As of 7 a.m., Eversource reported 6,258 Westport customers without power. That’s less than half the town — but by the slimmest of hairs. We’re down to 49.54% in the dark.
The utility “expects” to have 90% of all Eversource customers in service by tonight. That would mean 1,263 would still be waiting.
Of course, Isaias is not our only worry — or theirs. The utility notes, “In light of COVID-19, work practices and reporting procedures have been altered to protect our employees’ health, and those of our communities we serve. Pandemic guidelines have been reinforced across the system and they will be maintained while restoring service to all customers.”
PS: Saugatuck Avenue is closed from the train station parking lot to Duck Pond Road (the Norwalk line), through approximately 5 p.m. today.
PPS: Karen Solicito reports at 9:30 a.m. that the charging station at the Westport Weston Health District on Bayberry Lane is full. There’s a wait to use it. And though WiFi there works, it takes a few minutes for the phone to locate it. “Don’t fret if it doesn’t show up in the WiFi queue right away,” she says.
Rose Akin posted this yesterday, as a Comment on the Pic of the Day. But it deserves a much wider audience. So here it is:
“We moved to town recently. My husband and I and our 2 little ones picked up an amazing lunch from Rye Ridge Deli today. Finally made it to Compo Beach and realized we had way too much to carry with one trip from the car to the beach.
“My husband dropped off a few bags, and ran back to the car to grab more, and me and the boys. All of this happened within 60 seconds — and Compo seagulls! ☺️
“Rookie move on our part. They feasted on all of our lunch.
“My husband went back to Rye Ridge to get us lunch again, as the kids were starving. Guess what? Rye Ridge comped him the whole lunch. I mean … what a gesture!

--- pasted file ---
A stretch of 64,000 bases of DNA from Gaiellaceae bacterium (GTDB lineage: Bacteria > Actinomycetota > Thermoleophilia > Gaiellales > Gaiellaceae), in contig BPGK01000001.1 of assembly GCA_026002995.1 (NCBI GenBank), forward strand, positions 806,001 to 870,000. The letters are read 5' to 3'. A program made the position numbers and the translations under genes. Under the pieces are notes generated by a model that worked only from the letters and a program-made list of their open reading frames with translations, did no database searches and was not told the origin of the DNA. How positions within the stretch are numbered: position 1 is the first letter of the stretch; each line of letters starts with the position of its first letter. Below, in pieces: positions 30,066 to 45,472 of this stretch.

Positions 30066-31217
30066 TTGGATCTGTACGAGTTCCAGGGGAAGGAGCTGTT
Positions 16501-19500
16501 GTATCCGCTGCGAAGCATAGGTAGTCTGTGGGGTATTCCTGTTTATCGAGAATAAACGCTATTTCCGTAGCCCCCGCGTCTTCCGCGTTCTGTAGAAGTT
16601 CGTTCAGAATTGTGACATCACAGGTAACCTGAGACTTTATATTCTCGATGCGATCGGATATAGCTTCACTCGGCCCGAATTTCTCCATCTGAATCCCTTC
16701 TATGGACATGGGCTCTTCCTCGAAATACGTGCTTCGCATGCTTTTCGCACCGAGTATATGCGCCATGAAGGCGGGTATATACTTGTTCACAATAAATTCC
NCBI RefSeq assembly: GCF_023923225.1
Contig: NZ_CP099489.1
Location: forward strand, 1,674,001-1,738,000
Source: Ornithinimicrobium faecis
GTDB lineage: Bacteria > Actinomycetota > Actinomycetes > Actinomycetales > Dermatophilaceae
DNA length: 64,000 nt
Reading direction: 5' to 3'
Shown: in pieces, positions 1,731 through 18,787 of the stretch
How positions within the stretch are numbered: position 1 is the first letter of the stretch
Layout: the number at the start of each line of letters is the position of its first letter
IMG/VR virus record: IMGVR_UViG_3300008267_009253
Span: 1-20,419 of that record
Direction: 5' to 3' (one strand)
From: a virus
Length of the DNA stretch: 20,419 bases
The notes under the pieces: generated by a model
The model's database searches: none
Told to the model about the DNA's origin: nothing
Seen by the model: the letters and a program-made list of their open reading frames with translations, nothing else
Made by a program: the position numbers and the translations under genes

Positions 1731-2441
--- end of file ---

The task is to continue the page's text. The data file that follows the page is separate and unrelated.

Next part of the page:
“We were so beyond touched. I texted my friend Lisa Newman, telling her what a great choice we made moving here. She said, ‘you have to email Dan!'”
Thanks, Rose. And welcome to Westport. Once COVID and Isaias are gone, you’ll really love this place!
This was already a disastrous year for restaurants, markets, retail shops, fitness centers — just about any small business you can think of.
Just when they had mastered curbside and online sales, and then adjusted to the new rules and regulations regarding opening — they got whacked by Isaias.
We’re all in this together. We’re all restocking our refrigerators, paying extra for tree removal and new outdoor furniture, and on and on.
But still: Let’s figure out ways to help Westport’s own. Let’s redouble our efforts to shop local. Let’s go out for more restaurant meals than normal (eat-in or takeout) — and leave a large tip too.
If you’ve got an idea for helping the mom and pops who have sustained us for so long — and struggled so mightily — click “Comments” below.
Speaking of small businesses, Savannah Bee’s store manager — the wonderful Julie Cook — writes:
“Nothing keeps us down on Church Lane. I was decorating my windows for National Honey Bee Day next Saturday (in the dark, sweltering heat), and miraculously the lights came on midday yesterday.
“What a bonus! We thought we’d be out until Tuesday night. As a thank-you (to all those tireless electrical crews from South Carolina — and the universe), please let folks know we’re open for business, we have cold spring water, delicious honey roasted coffee, lovely artisanal teas, all-natural Italian energy drinks called BEEBAD, all-natural plant-based antibacterial soaps with a huge sink to check them out, a large restroom, and the best part: People can charge their phones!
“We’d love to share our Southern hospitality today and next Saturday for our 3rd annual National Honey Bee Celebration. From 1 to 4 p.m., people can meet local beekeepers. We also have a live hive demonstration (safely encased in glass). And we’re making honey sips and sweets, plus beautiful flower crowns for all the queen bees in town.
It’s free and open to all! We’re happy to share the bee love, and our good fortune. It’s the simple things that make us smile these days❤️👍🏻🐝
How tough are things for businesses? Born of Earth spa is leaving its space near Whole Foods.
David Gerard — who has owned Born of Earth for 27 years — cited increasing rent, overhead and COVID-19 as reasons for the decision.
Fortunately, they’re not closing entirely. They’re merging with Artistex Salon & Spa, less than 2 miles away at 260 Post Road East. The entire Born of Earth team will continue at the new location.
Sandy Rothenberg asks: “How are we supposed to contact emergency services with no phone or WiFi at home? Especially in Weston as I’ve heard Westport has set up remote towers.”
Anyone know? Click “Comments” below.
And finally … if you’re waiting for a utility crew from South Carolina, Missouri, Canada or wherever: